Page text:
Romagna, commonly called the Legations, and placed

under the sovereignty of the Pope, we have the followTHE LABOURERS OF EUROPE.-No. 1. ITALY.

ing interesting account in Simond's Travels in Italy :The condition of the Italian labourers varies in the dif

“ The peasants are not proprietors and have not even ferent states. The following accounts are from the best a lease of their farms, but hold them from father to son authorities :

by a tacit understanding most faithfully observed. The “The labourers in Lombardy (the most fruitful same roof often contains thirty or forty persons,-different region in Italy) have remained, throughout all the branches of the same family, with one common interest, changes of government, what they were before 1796, the and governed by a chief who is chosen by themselves servants of those whose lands they work; none have and is the sole person responsible to the landlord. He become proprietors. Before the revolution of 1796 the directs all without doors and his wife all within; one or greater part of the land was in the hands of the high two other women take care of all the children that the nobility and the clergy. Now it is partly in the posses- fathers and mothers may go to work. We have lost 4 sion of a small number of shrewd speculators who have

* Amministrazione del regno d'Italia.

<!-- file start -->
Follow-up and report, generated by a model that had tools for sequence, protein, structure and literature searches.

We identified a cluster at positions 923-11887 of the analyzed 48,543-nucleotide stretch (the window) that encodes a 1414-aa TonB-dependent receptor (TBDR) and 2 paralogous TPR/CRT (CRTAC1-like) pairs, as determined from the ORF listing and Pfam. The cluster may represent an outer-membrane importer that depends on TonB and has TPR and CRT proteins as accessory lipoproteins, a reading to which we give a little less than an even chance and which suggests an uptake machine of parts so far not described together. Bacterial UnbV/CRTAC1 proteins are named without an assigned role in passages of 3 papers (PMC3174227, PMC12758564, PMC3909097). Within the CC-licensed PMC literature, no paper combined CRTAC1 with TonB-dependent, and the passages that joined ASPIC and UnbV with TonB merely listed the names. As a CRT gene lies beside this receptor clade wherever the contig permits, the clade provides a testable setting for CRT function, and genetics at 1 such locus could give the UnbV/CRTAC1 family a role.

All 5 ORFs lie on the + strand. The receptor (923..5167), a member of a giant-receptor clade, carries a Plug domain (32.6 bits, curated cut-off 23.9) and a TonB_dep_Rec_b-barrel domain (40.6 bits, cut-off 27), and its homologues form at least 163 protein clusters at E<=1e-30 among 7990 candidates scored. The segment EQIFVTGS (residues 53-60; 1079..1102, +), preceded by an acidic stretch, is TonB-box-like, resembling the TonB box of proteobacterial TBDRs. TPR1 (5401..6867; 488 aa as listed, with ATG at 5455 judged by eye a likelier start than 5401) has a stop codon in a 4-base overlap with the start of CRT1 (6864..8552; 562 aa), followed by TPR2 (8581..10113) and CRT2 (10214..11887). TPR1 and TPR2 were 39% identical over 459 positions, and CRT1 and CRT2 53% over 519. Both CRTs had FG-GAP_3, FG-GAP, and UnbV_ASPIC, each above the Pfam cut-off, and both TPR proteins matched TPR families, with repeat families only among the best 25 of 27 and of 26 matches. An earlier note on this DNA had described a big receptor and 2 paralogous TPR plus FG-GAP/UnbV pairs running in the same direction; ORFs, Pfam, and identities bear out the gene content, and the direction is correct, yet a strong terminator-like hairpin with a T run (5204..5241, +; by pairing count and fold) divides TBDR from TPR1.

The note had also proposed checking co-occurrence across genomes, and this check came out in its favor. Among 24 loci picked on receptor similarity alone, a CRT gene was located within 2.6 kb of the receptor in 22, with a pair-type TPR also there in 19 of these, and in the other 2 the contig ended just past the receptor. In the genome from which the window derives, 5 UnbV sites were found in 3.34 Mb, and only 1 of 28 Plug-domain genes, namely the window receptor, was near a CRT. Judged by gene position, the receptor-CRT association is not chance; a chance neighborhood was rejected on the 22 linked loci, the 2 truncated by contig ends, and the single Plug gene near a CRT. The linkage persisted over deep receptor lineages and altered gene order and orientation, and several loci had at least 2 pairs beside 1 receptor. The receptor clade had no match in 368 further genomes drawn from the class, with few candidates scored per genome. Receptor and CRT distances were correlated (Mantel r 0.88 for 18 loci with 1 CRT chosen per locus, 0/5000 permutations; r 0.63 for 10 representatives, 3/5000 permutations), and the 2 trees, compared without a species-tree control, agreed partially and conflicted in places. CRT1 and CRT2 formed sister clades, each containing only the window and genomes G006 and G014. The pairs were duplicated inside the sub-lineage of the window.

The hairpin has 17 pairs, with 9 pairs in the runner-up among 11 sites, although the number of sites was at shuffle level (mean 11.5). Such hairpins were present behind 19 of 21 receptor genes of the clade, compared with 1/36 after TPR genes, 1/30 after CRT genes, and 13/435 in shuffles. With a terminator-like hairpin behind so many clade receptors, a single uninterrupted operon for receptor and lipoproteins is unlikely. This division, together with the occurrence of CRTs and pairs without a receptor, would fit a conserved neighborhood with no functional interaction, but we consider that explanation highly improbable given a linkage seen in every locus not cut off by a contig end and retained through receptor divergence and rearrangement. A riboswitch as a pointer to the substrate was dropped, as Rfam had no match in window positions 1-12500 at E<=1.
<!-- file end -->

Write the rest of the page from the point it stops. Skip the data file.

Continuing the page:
child during the night, said one of them who was not had imagined ; 'that you cannot but by active force get herself a mother. There reigns in general a most per- down to the egg. Thus you feel the power of the water fect harmony in this patriarchal family. When the to support you, and learn to confide in that power ; chief becomes too old, or otherwise incapable, another while your endeavours to overcome it, and reach the is chosen who succeeds alike to the engagements and egg, teach you the manner of acting on the water with power of his predecessor. He gives half the pro- your feet and hands, which action is afterwards used ila duce to the landlord, and pays half the taxes. The swimming to support your head higher above water sandlord seldom takes the trouble to inspect the divi- or to go forward through it. I would the more earsions; he chooses only between the heaps laid out by nestly press you to the trial of this method, because the tenant, and the grain is carried home. The same though I think I satisfied you that your body is lighter plan is observed with the hemp, which is not divided than water, and that you might float in it a long time till it is pounded and put up into packets. As to the with your mouth free for breathing, if you put yourself grapes, they are picked into large barrels, and an equal in a proper posture and would be still and forbear number sent to the farm-house and to the landlord, an struggling; yet till you have obtained this experimental operation generally entrusted wholly to the farmer. confidence in the water, I cannot depend on your havThere are few villages, each farm-house being on the ing the necessary presence of mind to recollect that posfarm. These family associations live much at their ture and the directions I gave you relating to it. The ease, but have little money; they consume much of surprise may put all out of your mind. For though we their own produce and buy and sell very little. They value ourselves on being reasonable creatures, reason and have a great deal of poultry for home consumption. knowledge seem on such occasions to be of little use to The women spin and plait and can even dye. The us; and the brutes, to whom we allow scarce a glimcountry diversions go little beyond the game of bowls ; mering of either, appear to have the advantage of us. they have no dances and no merry-meetings, but in I will, however, take this opportunity of repeating those lieu they have fine processions with music, discharge of particulars to you, which I mentioned in our last concannon, and sometimes horse races. Though wine is versation, as, by perusing them at your leisure, you may very plentiful, a drunken man is a rarity; there are few possibly imprint them so in your memory as on occabloody quarrels, and few thefts, at least domestic ones. sions to be of some use to you. 1st. That though the The roads are safer here than in the Milanese, notwith- legs, being solid parts, are specifically something heavier standing the Austrian police of the latter, for there the than fresh-water, yet the trunk, particularly the upper farms are large and the work is done by poor labourers part, from its hollowness, is so much lighter than water, who have no tie; while here the tenants work for them as that the whole of the body taken together is too light selves, are at ease, and have no temptation. The edu- to sink wholly under water, but some part will remain cation of the people is entrusted to the priests, who give above, until the lungs become filled with water, which themselves little trouble, and very few peasants can read happens from drawing water into them instead of air, or write. Each large family generally consecrates a son when a person in the fright attempts breathing while to the Church; they call him priest Don Peter, Au- the mouth and nostrils are under water. 2ndly. That gustin, &c., and he becomes the oracle of the family, but the legs and arms are specifically lighter than salt water, all intimate ties with him are broken and he is called and will be supported by it, so that a human body “brother' no more.”